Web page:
Cars 3: Driven to Win continues immediately after the big race at the end of the movie, so if you are worried about spoilers you have nothing to fear apart from the new cast of characters that feature in it. Licensed games are starting to see a resurgence, and their quality is slowly ramping up, but does Cars 3 race across the finish line, or will it have to pull into a pit-stop after the first lap?
The premise is fairly simple and is conveyed through a well animated and voiced cut-scene, albeit with sound-alikes. Jackson Storm is your rival, and it doesn’t feel as though you are fast enough to race him, so in order to compete against him, you must race multiple events and unlock skill points in the “Hall of Fame” which allows you to progress by slowly unlocking new stages and playable cars. There are 136 tasks to complete, but all are not needed in order to compete in the final race.
These tasks vary from winning a championship or a race, by performing a string of tricks or by collecting hidden items. The list is greatly varied and is the key factor that will keep you hooked on Cars 3. These skills force you to change the way you play the game, and will encourage you to try new things. Whether this means using the “track strips” to best effect or the manoeuvres on the right-stick such as driving on two wheels, in reverse or “side-bashing” into your opponents or using the turbo boosts to full effect. The design of the game is really well done, on the surface it is easy to learn, but there are levels of depth within it. The controls are good, but I really miss the hand brake / e-brake in most other racers. It seems like an oversight and is a necessity in the open world mode especially when you over-shoot an objective and need to do a one-eighty.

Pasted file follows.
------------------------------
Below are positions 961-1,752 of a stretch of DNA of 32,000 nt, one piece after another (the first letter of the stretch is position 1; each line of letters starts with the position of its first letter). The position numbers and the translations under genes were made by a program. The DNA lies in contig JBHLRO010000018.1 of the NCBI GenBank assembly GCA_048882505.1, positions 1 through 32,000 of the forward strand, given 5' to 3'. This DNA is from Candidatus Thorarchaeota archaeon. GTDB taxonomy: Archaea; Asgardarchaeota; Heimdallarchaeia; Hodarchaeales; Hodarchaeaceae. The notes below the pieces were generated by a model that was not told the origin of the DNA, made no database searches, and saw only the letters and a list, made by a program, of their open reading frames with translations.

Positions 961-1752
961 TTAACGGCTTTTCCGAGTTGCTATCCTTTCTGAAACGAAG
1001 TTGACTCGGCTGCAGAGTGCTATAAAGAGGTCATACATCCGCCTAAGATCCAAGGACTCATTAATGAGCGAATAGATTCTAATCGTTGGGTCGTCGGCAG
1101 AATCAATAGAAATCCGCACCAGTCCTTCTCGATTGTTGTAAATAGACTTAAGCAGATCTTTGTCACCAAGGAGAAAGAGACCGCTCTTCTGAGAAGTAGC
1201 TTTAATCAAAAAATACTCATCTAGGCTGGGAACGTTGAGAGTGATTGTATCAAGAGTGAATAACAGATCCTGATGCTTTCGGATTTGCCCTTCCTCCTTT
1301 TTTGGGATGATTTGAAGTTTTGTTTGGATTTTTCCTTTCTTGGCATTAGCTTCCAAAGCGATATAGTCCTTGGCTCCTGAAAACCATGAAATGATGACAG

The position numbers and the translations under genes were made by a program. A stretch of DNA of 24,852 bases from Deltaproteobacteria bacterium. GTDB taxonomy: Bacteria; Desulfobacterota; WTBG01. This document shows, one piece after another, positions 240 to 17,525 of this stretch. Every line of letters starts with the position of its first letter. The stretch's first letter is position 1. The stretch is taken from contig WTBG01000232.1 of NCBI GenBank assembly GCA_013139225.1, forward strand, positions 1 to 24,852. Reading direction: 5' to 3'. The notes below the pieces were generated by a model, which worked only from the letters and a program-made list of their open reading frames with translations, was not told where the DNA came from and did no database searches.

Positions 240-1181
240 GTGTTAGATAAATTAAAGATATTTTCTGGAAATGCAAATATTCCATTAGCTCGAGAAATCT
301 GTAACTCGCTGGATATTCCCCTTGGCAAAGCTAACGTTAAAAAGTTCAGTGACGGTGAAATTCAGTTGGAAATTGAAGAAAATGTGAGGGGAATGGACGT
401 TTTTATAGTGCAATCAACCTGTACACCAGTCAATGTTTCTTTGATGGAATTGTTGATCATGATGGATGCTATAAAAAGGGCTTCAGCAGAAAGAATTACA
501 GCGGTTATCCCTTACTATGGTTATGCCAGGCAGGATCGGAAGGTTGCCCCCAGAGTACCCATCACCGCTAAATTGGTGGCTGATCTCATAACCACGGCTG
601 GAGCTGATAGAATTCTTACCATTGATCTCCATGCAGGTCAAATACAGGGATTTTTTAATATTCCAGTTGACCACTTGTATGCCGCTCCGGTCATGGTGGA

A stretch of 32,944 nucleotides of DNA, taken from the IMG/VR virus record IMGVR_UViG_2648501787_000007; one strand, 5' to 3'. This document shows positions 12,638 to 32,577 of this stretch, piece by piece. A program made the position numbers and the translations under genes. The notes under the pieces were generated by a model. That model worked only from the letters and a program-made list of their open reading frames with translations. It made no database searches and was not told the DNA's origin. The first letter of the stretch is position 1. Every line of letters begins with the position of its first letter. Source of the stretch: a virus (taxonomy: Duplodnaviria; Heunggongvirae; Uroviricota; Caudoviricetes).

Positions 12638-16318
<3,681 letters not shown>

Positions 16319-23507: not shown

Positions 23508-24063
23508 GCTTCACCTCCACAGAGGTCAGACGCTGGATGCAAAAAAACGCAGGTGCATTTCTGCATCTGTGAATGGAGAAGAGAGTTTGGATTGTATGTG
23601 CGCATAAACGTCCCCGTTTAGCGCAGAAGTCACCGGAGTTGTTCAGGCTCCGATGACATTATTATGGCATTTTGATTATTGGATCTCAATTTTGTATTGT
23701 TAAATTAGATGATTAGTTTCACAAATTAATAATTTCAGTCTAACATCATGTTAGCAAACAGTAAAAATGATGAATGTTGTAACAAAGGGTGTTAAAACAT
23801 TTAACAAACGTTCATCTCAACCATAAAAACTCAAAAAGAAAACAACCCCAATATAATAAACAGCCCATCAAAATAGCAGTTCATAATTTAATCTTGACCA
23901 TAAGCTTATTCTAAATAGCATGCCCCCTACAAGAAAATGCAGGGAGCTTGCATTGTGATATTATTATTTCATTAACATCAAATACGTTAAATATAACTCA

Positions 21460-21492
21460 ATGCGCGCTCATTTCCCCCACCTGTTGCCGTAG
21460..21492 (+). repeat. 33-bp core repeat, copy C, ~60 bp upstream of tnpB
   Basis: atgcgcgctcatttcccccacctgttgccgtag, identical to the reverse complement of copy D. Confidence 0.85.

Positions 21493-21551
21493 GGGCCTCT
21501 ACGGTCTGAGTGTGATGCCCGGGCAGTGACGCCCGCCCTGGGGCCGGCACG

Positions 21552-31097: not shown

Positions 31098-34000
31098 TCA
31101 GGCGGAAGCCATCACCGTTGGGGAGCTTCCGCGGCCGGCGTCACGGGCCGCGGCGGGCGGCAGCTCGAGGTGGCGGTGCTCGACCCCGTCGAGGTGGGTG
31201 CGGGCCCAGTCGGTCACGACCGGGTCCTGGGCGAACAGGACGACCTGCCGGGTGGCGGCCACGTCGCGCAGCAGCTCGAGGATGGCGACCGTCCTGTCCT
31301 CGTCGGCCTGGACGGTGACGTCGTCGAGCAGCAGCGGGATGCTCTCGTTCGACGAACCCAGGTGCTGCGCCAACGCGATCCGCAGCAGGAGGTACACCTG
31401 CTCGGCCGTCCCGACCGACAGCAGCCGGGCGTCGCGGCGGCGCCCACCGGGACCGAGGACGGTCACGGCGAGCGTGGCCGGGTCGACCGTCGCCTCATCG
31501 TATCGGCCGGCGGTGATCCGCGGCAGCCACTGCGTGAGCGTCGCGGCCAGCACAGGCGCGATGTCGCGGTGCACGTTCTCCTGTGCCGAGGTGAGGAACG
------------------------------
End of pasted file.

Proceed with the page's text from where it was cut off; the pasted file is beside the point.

Stages are varied too, with wide areas and branching paths offering turbo boosts or weapons. The choice is left to you to play the way you want. You can choose to race on over 20 tracks and just as many racers. They have little meaningful customisation and all have the same racing statistics. However the vehicles with the ability to tow items can pick and throw explosive oil battles onto their opponents to get the upper hand.
There are six game modes including; Racing, Best Lap, Takedown, and Battle Race that are fairly self explanatory, but on top of these there is a Stunt Showcase mode that you must use ramps to, to collect point balloons and perform tricks using the right analog stick. And finally the biggest surprise for me was the Playground mode. This is akin to the old Tony Hawk’s levels whereby you have a large stage littered with fun tasks all around, from races to ramps and collect-able to figure out the best way to reach them. There are even grind rails! Sadly only one of these levels was included, called “Thomasville,” but it is a blast to play, and you could spend hours trying to gain the highest rank on all of the challenges.
You will also unlock “Master Level Events”, these feature the aforementioned modes however are at a higher difficulty level and are introduced with a delightful cut-scene to continue the story. However, the game does not force you down a linear path, so you can play the final race before you played the ones before it, or even chose a different car to partake in a race that the commentary will replace with Lightning McQueen. The lack of guidance did throw me off a little.
Cars 3 is predominantly a single player game but it does feature a split screen local multiplayer mode for up to 4 players. There is no online option to speak of, but this title is aimed for a younger audience, so it can be forgiven. It all runs very smoothly albeit at a lower graphical fidelity. You can play all of the events even the Playground mode.
With little available in the racing landscape, Cars 3 was actually fairly entertaining, and I will revisit the Playground mode and attempt to 100% it. Children around 6-12 will also love this game, it poses just the right amount of challenge and it can be made easier or harder if you want.
- Replay Value